Product Description: This is a gorgeous, textbook original example of a tropical camouflage gas mask canister, complete with the original mask and filter. These tan camouflage canisters are commonly seen in use in wartime photos of the Afrikakorps, as well as elsewhere on the Southern Front (where they were used until 1945), but surviving originals are very rare and extremely desirable. This canister started off as a standard issue example with a factory applied coat of field gray paint inside and out. The exterior of the can has been overpainted with typical tropical tan camouflage paint. The camouflage paint shows light wear and age, but is more than 90 percent intact. The mask inside this tropical camouflage gas mask canister is a prewar example, the so-called GM30, made of rubberized canvas. The mask is a Size 1, and is complete with all of the original straps. The detachable filter retains virtually all of the original field gray paint, and is marked with a clear Waffenamt acceptance stamp. The bottom of the inside of the can contains a cleaning rag and retaining spring, desirable accessories in their own right. In the lid of the canister, the lid for the spare lens compartment is marked with a name that is unfortunately difficult or impossible to make out. There is a 1944 date. The original woven fabric carrying straps on the canister are present, but show wear and age, with some fraying and small areas of damage. It remains a nice complete set, with gorgeous original camouflage paint, and is in excellent condition.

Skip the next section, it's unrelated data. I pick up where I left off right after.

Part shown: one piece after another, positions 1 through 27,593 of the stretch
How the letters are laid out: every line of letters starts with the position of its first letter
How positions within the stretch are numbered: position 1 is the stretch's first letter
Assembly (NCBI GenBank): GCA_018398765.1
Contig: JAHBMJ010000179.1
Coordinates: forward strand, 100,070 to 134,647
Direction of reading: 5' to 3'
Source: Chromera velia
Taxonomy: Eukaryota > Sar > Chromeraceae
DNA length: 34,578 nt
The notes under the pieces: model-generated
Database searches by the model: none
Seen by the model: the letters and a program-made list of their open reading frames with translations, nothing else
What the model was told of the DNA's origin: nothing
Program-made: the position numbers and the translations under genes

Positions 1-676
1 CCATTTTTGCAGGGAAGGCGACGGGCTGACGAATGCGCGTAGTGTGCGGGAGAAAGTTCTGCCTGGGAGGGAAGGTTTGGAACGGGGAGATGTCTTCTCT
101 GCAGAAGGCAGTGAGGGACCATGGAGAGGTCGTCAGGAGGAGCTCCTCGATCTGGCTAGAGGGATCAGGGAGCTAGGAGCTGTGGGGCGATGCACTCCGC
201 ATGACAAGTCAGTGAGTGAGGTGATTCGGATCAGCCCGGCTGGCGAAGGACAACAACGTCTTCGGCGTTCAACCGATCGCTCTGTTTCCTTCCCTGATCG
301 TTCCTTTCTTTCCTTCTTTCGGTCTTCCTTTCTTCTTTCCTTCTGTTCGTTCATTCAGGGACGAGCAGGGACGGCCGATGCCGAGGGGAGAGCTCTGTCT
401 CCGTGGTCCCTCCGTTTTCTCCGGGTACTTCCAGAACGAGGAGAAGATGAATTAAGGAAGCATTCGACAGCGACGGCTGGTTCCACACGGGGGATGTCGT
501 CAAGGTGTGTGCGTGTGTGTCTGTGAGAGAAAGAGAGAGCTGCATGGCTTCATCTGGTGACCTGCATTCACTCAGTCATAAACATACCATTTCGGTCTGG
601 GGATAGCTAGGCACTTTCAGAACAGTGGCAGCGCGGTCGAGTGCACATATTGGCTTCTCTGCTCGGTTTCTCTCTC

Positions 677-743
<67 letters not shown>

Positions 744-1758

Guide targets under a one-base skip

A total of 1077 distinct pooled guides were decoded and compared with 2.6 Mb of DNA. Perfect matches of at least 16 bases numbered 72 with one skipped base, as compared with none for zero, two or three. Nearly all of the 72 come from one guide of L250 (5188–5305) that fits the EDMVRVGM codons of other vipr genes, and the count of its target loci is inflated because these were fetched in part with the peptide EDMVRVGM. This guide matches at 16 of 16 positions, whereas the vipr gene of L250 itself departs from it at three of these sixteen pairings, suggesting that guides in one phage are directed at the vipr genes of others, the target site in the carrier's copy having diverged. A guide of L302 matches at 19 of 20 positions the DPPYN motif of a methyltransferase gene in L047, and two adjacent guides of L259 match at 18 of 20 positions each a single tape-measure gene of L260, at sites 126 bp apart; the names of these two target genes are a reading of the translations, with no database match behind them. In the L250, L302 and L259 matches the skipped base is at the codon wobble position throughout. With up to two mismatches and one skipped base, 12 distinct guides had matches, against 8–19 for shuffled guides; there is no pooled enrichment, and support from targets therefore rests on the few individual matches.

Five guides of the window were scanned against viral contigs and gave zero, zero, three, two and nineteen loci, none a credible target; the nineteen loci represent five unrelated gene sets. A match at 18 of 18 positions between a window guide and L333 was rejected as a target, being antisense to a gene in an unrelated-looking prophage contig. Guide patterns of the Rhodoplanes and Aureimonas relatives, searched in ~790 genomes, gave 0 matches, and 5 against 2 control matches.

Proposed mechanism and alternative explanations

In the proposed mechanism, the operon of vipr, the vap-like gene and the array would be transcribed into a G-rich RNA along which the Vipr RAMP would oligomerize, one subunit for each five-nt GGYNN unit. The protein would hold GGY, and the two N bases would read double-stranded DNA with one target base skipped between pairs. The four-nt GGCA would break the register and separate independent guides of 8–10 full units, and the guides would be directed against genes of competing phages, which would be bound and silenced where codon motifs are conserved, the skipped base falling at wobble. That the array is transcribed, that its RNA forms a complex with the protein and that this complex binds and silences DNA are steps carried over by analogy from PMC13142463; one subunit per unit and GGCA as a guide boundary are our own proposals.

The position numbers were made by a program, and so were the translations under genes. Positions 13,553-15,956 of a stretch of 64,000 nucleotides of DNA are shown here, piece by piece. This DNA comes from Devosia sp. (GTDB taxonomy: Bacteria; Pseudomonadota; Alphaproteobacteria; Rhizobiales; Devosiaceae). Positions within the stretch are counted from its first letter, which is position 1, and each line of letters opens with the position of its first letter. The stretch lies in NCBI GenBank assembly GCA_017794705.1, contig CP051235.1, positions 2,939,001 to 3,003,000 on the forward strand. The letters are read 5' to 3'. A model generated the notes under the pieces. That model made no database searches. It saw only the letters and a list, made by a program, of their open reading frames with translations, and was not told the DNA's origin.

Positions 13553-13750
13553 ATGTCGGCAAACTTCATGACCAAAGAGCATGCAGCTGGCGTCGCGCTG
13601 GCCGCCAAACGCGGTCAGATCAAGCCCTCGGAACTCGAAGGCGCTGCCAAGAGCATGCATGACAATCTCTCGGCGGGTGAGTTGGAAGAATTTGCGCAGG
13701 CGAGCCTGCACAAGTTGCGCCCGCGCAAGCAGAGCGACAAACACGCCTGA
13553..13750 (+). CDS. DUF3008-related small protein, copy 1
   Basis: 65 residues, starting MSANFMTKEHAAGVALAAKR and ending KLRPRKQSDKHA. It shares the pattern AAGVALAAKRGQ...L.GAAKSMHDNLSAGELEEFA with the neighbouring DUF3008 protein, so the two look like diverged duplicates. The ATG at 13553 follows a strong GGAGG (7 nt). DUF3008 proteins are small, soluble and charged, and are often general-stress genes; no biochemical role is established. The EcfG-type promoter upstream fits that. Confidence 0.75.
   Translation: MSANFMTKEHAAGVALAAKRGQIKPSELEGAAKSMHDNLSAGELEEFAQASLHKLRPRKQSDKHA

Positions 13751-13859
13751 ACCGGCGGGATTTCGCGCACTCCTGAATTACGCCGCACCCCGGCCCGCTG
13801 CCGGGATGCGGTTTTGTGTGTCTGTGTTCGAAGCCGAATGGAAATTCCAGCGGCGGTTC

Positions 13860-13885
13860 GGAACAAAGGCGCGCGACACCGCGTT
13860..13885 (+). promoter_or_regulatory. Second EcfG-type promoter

Historical Description: Learning from their experiences and defeat in the previous war, Germany would develop new strategies for warfare. The result was a hard hitting, mobile warfare, which relied on speed and coordination. It would later be known as “Blitzkrieg”. This new style of warfare would require changes to be made from how the Generals conducted operations, down to the individual soldier’s equipment. As the Third Reich began rearming Germany during the 1930’s, due to the economic situation, much of the equipment and gear the fighting forces initially received would be from the First World War. This necessary reissuing of equipment combined with the revolutionary tactics being developed forced the German military to adapt their gear and equipment to these changes. As the German economy improved and more funding was available to the military, new equipment would be developed to replace the obsolete World War One equipment. The outbreak of World War Two pushed the development and issuing of new equipment to German soldiers to new levels. New designs and manufacturing techniques were developed. As the war progressed and fortunes changed, the German Third Reich was forced to cut production time, while continuing to develop better equipment. These changes to production, combined with newer designs, produced a vast array of equipment variants. Today these variants of equipment show proof of the drastic changes made by the German Military during World War 2.
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